Lwt is a library for concurrent programming in OCaml. It is developed by the community, and is one of OCaml’s most-used libraries.
Lwt is based around the familiar concept of promises. When you make an I/O request with Lwt, the library gives you a promise. It then runs the request in the background, without blocking the rest of your program. When the request completes, Lwt fulfills the promise, running any handlers you’ve attached. Lwt can process huge numbers of such requests concurrently.
In the meantime, your code (e.g. the handlers) runs in one thread. This eliminates the need to worry about race conditions, set up locking, or other such complications. You can still spawn threads on an opt-in basis, however.
Lwt is routinely used in high-concurrency, high-load applications.
Lwt resources and community
Lwt welcomes users and contributors of all levels of experience!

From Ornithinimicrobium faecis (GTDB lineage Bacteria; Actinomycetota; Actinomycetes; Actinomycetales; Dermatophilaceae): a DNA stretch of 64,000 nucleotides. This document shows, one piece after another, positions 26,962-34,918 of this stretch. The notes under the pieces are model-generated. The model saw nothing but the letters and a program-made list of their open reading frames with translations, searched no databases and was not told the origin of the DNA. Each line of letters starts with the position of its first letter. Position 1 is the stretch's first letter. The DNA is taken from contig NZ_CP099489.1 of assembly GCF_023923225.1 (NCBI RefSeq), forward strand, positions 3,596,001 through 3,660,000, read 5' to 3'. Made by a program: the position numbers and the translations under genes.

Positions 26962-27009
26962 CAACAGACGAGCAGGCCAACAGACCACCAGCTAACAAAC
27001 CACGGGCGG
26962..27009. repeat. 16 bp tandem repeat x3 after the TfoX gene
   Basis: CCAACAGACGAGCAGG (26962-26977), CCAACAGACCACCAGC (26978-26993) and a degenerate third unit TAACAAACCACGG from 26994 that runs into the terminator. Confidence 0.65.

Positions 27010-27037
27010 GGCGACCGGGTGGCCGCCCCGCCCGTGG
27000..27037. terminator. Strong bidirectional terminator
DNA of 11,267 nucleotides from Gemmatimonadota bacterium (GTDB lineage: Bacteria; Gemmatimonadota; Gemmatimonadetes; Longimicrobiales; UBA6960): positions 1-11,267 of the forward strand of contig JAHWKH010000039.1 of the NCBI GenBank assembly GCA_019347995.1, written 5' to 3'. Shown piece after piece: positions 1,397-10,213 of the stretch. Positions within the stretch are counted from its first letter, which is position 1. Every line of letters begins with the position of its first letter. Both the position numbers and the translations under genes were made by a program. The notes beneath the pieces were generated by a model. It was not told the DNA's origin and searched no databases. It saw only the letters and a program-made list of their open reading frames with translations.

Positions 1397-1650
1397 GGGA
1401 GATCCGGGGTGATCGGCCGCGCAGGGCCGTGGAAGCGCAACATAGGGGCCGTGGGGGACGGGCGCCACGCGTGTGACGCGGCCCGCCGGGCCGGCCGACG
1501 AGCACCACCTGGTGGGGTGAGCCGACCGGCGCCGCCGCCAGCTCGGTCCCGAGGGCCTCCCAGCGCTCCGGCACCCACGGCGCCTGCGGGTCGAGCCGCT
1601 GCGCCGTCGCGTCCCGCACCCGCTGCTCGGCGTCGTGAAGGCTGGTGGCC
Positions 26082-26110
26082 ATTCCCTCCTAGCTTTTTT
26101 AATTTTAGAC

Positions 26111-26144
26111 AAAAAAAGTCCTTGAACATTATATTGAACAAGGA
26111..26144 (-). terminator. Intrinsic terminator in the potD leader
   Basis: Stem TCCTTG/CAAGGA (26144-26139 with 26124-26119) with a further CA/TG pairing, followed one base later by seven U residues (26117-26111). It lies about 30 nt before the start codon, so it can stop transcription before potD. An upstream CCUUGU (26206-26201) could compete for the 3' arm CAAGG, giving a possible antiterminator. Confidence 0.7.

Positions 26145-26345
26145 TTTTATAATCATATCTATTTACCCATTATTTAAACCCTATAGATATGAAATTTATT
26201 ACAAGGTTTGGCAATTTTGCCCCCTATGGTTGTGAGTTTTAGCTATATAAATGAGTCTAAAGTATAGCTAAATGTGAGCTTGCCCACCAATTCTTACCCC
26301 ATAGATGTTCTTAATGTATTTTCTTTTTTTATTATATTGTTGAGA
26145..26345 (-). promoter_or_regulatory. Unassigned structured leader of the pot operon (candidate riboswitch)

Please ask any questions you may have. You’d be surprised at how often simple questions help other users, and educate the maintainers. And, if you want to take the plunge and help Lwt and the broader OCaml community, we’d love to help you get gently started as a contributor.
To reach us:
- Reply to this very topic, or open another one on discuss.ocaml.org!
- Open issues in the Lwt repo.
- The Lwt Gitter has many frequent contributors lurking.
- Ask on StackOverflow.
- The #ocaml channel on freenode is a good place to find experienced Lwt users.
- The manual can be found here. Sorry about its state – we are currently writing a new one!
- Lwt tutorial from Mirage.
- Concurrent Programming with Lwt by @dkim is a nice collection of examples, especially useful for those reading about concurrency in Real World OCaml.
- Simple Lwt server by @dmbaturin.
- A comparison of asynchronous programming in Lwt and Python by @talex5.
- Here, in the Lwt category of discuss.ocaml.org.
- In the Lwt announcements issue, which you can subscribe to.
- On the OCaml mailing list.
- In /r/ocaml.
If you’d like to follow development more closely, watch the repo on GitHub
And, if you are looking for something helpful, but not too challenging to get started contributing with, we maintain a list of easy issues.
Happy concurrent programming!